Jacinda Ardern has joined other world leaders calling for technology giants such as Facebook and Google to take accountability for the content they facilitate.
The Prime Minister was asked on Tuesday if the Government would consider introducing disincentives for Facebook after it failed to fully remove footage of the alleged Christchurch terrorist's livestream.
"At this stage, some of the conversations we've had in Cabinet have been reasonably general and there's acknowledgement that work needs to be done and a commitment to continue looking at the legislative framework that we have in New Zealand," she said.
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Questions have been raised over the accountability of the alleged Christchurch terrorist, a 28-year-old Australian national, posting a livestream of the event to Facebook. Ardern said despite it being removed over 1.5 million times within the first 24 hours, the video was still widely shared.
"We have been in contact with Facebook. They have given us updates on their efforts to have it removed, but, as I say, it should not be distributed, available, able to be viewed. It is horrendous," Ardern said.
She acknowledged that Facebook's chief operating officer, Sheryl Sandberg, had been in touch. But in her speech to Parliament later that day, Ardern showed that New Zealand is prepared to stand up to Facebook and demand change.
"We cannot simply sit back and accept that these platforms just exist and that what is said on them is not the responsibility of the place where they are published. They are the publisher. Not just the postman," she said.
"There cannot be a case of all profit, no responsibility... I don't have all of the answers now, but we must collectively find them."
The alleged gunman used Facebook to livestream his shooting, which was then shared via Google-owned YouTube, Twitter, Facebook and Reddit.
Australian Prime Minister Scott Morrison called for a social media crackdown in the wake of the attacks. He wrote to G20 chairman, Japanese Prime Minister Shinzo Abe, asking for social media reform to be the top priority at the next annual meeting.
Telecom providers in New Zealand have joined the rally. An open letter to Google, Facebook and Twitter by Spark, Vodafone and 2degrees on Tuesday called on the social media giants to "urgently discuss" a solution to videos such as the livestream being shared.
And in a letter released on Tuesday (US local time), the chair of the US House Committee on Homeland Security, Representative Bennie Thompson, wrote to Facebook, Google, Twitter and Microsoft urging them to do a better job or removing violent political content.
"Your companies must prioritise responding to these toxic and violent ideologies with resources and attention," Thomson wrote.
In a statement to Newshub this week, Google said it had removed "tens of thousands of videos [and] terminated hundreds of accounts created to promote or glorify the shooter", adding that the volume of videos uploaded to YouTube in the 24 hours after the attack was "unprecedented".
"Our teams are continuing to work around the clock to prevent violent and graphic content from spreading, we know there is much more work to do."
Should we follow the Brits?
New Zealand has stood up to Google in the past. Last year the search giant said it would review its systems after it named the alleged killer of British backpacker Grace Millane in an email about trending issues in New Zealand.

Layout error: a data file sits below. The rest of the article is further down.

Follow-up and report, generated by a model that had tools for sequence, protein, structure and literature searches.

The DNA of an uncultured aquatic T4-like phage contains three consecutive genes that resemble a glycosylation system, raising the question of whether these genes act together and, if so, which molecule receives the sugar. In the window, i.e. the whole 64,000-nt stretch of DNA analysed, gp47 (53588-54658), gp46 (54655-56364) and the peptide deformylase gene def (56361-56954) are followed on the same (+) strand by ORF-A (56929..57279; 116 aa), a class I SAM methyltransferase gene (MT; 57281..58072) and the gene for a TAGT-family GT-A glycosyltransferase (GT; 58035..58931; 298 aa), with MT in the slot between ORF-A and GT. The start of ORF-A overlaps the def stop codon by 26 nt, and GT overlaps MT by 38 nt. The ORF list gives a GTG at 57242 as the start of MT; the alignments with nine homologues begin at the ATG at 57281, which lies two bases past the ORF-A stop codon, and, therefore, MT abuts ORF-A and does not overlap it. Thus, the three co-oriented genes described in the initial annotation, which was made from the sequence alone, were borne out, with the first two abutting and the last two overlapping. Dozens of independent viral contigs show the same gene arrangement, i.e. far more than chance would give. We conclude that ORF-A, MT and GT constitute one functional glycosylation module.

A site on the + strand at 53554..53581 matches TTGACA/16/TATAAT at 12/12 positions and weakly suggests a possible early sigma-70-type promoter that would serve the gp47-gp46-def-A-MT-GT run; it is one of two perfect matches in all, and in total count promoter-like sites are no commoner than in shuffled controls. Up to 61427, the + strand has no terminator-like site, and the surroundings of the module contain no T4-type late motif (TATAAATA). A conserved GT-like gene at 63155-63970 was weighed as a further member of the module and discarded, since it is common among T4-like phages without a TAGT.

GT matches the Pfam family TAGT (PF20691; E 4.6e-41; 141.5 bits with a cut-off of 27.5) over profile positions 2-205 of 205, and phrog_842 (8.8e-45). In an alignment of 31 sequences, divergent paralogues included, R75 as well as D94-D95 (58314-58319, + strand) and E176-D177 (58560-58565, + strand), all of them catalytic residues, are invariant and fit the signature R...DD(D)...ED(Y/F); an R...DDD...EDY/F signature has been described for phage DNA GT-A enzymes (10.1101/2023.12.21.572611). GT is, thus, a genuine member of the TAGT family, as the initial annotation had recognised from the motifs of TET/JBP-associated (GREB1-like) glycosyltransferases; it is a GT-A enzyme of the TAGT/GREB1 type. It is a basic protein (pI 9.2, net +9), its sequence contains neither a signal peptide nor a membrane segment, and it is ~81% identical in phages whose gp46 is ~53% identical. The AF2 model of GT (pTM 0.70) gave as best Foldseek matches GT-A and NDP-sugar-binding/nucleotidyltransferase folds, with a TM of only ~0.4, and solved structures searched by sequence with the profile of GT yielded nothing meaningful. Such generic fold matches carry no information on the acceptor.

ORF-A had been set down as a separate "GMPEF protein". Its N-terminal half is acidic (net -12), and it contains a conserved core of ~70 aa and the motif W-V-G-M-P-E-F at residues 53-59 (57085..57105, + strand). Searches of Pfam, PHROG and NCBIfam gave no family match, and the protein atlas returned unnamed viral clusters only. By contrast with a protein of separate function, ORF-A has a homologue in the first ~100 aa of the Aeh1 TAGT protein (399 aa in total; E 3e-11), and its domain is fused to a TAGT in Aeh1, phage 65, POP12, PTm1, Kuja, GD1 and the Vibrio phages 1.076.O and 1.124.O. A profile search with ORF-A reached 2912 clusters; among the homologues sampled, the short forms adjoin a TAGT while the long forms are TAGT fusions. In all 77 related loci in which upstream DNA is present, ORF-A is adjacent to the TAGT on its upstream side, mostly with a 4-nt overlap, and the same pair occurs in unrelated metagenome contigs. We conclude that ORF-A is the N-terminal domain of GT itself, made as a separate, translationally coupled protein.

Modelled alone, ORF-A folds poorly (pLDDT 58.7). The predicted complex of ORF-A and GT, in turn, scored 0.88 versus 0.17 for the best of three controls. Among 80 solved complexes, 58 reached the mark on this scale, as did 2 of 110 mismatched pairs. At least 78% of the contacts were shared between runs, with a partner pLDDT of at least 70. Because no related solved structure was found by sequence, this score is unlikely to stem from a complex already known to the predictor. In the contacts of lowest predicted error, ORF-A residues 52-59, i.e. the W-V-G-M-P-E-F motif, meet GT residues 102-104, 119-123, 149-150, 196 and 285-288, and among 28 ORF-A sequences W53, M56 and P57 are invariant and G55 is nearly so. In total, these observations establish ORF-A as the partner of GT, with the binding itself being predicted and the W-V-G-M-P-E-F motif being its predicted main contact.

Ardern pointed to the UK as a country that's often stood up to large technology companies that haven't done enough to protect people's wellbeing and stop the spread of illicit content such as extremist propaganda.
"I discussed that with [British Prime Minister] Theresa May when we spoke [on Monday]," Ardern said. "We agreed that globally, efforts need to be made. We really need a global alliance to deal with some of these issues."
In the wake of the London Bridge terror attack in June 2017, May called for new laws to regulate the internet, and demanded that internet companies like Facebook and Google do more to prevent terrorists from communicating freely.
"We cannot allow this ideology the safe space it needs to breed," she said at the time. "Yet that is precisely what the internet and the big companies that provide internet-based services provide."
Facebook has already come under intense scrutiny in the UK following a series of data scandals, including that of UK-based consulting firm Cambridge Analytica, which was sold the personal data of around 50 million Facebook users through an app.
More recently, UK lawmakers accused Facebook of violating data privacy and competition laws in a report on social media disinformation. Documents showed Facebook was "willing to override its users' privacy settings in order to transfer data" to app developers.
A collective internet crackdown has been floated in the past. Ardern joined leaders of Australia, Canada, the US and UK - members of the Five Eyes group of nations - for a conference in September last year to discuss "grave threats" online.
One of the solutions put forward at the conference was to break end-to-end internet encryption - the technology that translates data into unreadable code which is only decipherable by the user and those the user intends to share it with... perfect for terror groups.
The Prime Minister has yet to disclose what specific action the Government will take against tech giants, if any, in the wake of the suspected white supremacist's social media livestream.
Ardern told Parliament on Tuesday her Government will "look at the role social media played" and will examine "what steps we can take", including on the international stage, and in unison with New Zealand's partners.
"There is no question that ideas and language of division and hate have existed for decades, but their form of distribution, the tools of organisation, they are new."